CON: Immortals

You know when a movie looks to be all style and no substance? That’s the vibe I got from the IMMORTALS panel. The footage they showed was slick, hyperviolent and easy to digest, but nothing the cast and crew had to say inspired much confidence that the film would be anything more than that.

IMMORTALS may seem like a grab at the recent success of epic action movies like CLASH OF THE TITANS and 300, but the panel, which consisted of director Tarsem Singh, producers Gianni Nunnari and Mark Canton, and stars Stephen Dorff, Freida Pinto, Kellan Lutz, Luke Evans and new SUPERMAN Henry Cavill, quickly tried to refute that. (Despite the fact that Nunnari and Canton both produced 300 and Evans played another god in TITANS.) Tarsem referred to his vision of the movie as much more “hardcore” and said that their version of the mythology painted the gods as much younger because if you could live forever, would you want to look hot and young like TWILIGHT star Lutz or “an old guy like producer Mark Canton.”

In fact, the entire gist of what Tarsem and the producers were saying seemed to be, “Look at how hot and young our cast is!” And they’re not lying: there’s the future Clark Kent, a new sparkly vampire, a former BLADE vampire and Evans, who is currently filming THE HOBBIT. The girls in the audience definitely ate that up (even when it was creepy, like when Lutz referred to himself as “the god of wetness and moistness.”) Tarsem even tried to get the audience going by talking about Pinto’s sex scene, which clearly embarrassed her.

Seeing the actors in action on screen did live up to the visuals we’ve come to expect from the director of THE FALL and THE CELL. The film seems to be another pissed off gods vs. puny humans story, and the scene we saw showed Evans’ Zeus character taking on a group of grey-skinned creatures/people with the help of a few Olympian warriors. The sequence was very stylized and used a lot of the slow motion-sped up effects Zack Snyder loves. I also cannot stress how brutal and violent the movie seems to be.  The characters used chains, swords, and tridents and there were beheadings, impalings, people cut in half (horizontally and vertically), people smashed in half and my personal favorite—a god throwing someone against a wall so hard they actually explode open in a splash of blood and guts. There were also victims on both sides of the fight, so the gods definitely don’t seem to be untouchable despite being immortal. The gore is also clearly all CGI, so it has that non-realistic effect that should make it more stomachable to average audiences.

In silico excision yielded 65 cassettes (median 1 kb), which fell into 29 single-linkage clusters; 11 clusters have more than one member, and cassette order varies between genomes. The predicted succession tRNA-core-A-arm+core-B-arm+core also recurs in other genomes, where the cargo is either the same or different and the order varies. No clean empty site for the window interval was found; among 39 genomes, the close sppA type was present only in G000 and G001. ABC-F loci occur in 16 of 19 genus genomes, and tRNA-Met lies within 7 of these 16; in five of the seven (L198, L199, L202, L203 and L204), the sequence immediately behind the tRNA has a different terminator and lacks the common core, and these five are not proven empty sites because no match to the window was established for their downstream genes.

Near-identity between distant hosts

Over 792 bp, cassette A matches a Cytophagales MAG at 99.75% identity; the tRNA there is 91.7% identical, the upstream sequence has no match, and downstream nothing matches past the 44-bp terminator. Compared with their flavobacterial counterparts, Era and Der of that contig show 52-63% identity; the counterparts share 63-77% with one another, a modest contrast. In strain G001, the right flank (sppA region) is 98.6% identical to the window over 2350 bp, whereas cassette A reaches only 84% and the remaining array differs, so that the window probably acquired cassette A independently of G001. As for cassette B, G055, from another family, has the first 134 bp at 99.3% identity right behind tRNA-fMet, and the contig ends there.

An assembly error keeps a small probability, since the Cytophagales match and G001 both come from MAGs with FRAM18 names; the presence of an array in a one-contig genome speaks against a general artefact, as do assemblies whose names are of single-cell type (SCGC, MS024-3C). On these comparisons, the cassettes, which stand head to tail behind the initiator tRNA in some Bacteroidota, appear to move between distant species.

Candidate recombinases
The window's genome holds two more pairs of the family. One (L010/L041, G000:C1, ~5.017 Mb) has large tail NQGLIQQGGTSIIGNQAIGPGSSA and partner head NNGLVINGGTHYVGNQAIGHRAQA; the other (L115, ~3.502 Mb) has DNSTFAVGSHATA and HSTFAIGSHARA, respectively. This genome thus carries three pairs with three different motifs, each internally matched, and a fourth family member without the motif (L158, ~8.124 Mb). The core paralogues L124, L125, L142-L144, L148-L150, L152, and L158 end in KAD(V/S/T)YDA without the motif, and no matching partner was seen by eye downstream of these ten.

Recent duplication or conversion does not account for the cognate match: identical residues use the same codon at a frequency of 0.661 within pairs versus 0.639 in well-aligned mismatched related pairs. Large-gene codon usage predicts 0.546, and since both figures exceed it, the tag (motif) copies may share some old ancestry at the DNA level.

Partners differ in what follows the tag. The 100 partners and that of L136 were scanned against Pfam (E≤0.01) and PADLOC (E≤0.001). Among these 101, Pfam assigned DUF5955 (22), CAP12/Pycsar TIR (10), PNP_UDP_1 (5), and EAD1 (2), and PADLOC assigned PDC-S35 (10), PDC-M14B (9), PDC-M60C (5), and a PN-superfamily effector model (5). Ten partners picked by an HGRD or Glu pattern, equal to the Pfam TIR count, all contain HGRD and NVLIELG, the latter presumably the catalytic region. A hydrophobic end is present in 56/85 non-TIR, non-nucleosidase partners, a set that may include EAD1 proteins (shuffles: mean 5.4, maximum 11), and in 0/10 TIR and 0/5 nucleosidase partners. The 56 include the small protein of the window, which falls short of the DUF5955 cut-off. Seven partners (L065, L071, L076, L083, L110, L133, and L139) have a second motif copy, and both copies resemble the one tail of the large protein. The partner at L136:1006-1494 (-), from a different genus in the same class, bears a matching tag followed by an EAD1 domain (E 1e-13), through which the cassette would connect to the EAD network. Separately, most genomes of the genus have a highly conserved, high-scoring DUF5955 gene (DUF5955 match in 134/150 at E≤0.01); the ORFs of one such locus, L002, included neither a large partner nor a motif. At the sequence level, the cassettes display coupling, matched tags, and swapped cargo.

I have no problem watching badasses fight and kill each other on screen for two hours. The bloodier the better. I just have a bad feeling IMMORTALS is going to be empty spectacle, something we really don’t need more of as movie fans. We were shown the clip twice and I don’t think either time anybody onstage actually bothered to explain what was going on, who was fighting or why they were fighting. It was just, “Look how cool this looks, guys!”

In fact, a couple things Tarsem said really rubbed me the wrong way. Once, when asked by someone about crafting the story, the director told Hall H that he comes up with all the cool visual stuff in his head first and then tries to write a script to fit the cool images and “see if a story falls in.” (That’s a red flag if I’ve ever heard one.) And two, Tarsem actually began to tell this really nice story about how he’s an atheist and his mother is very religious and she still prays for him every day and credits his success to God. That made the filmmaker really begin to question the idea of someday encountering God as a non-believer and left him wanting to explore the notion of how an all-powerful being would deal with the world and giving people free will. But then Tarsem immediately said, “None of that stuff really made it in to the movie, but that’s what I was thinking about beforehand.” Fantastic.

Other Tidbits:

- Not surprisingly, Henry Cavill couldn’t talk about SUPERMAN at all, but did say the script was “one of the best I’ve ever read.”

- Though it features characters we’re all familiar with, the film is not based on any actual mythology, just “based on Tarsem.”

-When a fan asked about their use of 3D as compared to last year’s CLASH OF THE “SHIT,” Tarsem said he hated that 3D conversion but when you know you’re shooting for the extra dimension you can compose for it, which is what he did. He also said his style his more static, less “shaky cam,” which is also good for 3D.

-This was Pinto’s first big budget film and it required more patience as she was waiting around for days without having to film any scenes. Plus her first day was the aforementioned awkward sex scene. She didn’t even have any lines with Cavill before they started doing it.

-Mickey Rourke tends to be late to the set and the producers take turns seeing who gets to go get him.

-Kellan Lutz said his research to play Poseidon involved watching THE LITTLE MERMAID.
Extra Tidbit: You may not know Luke Evans yet, but the man is trying hard to be geek friendly with CLASH OF THE TITANS, IMMORTALS, THE RAVEN, THREE MUSKETEERS and THE HOBBIT.
Source: JoBlo.com



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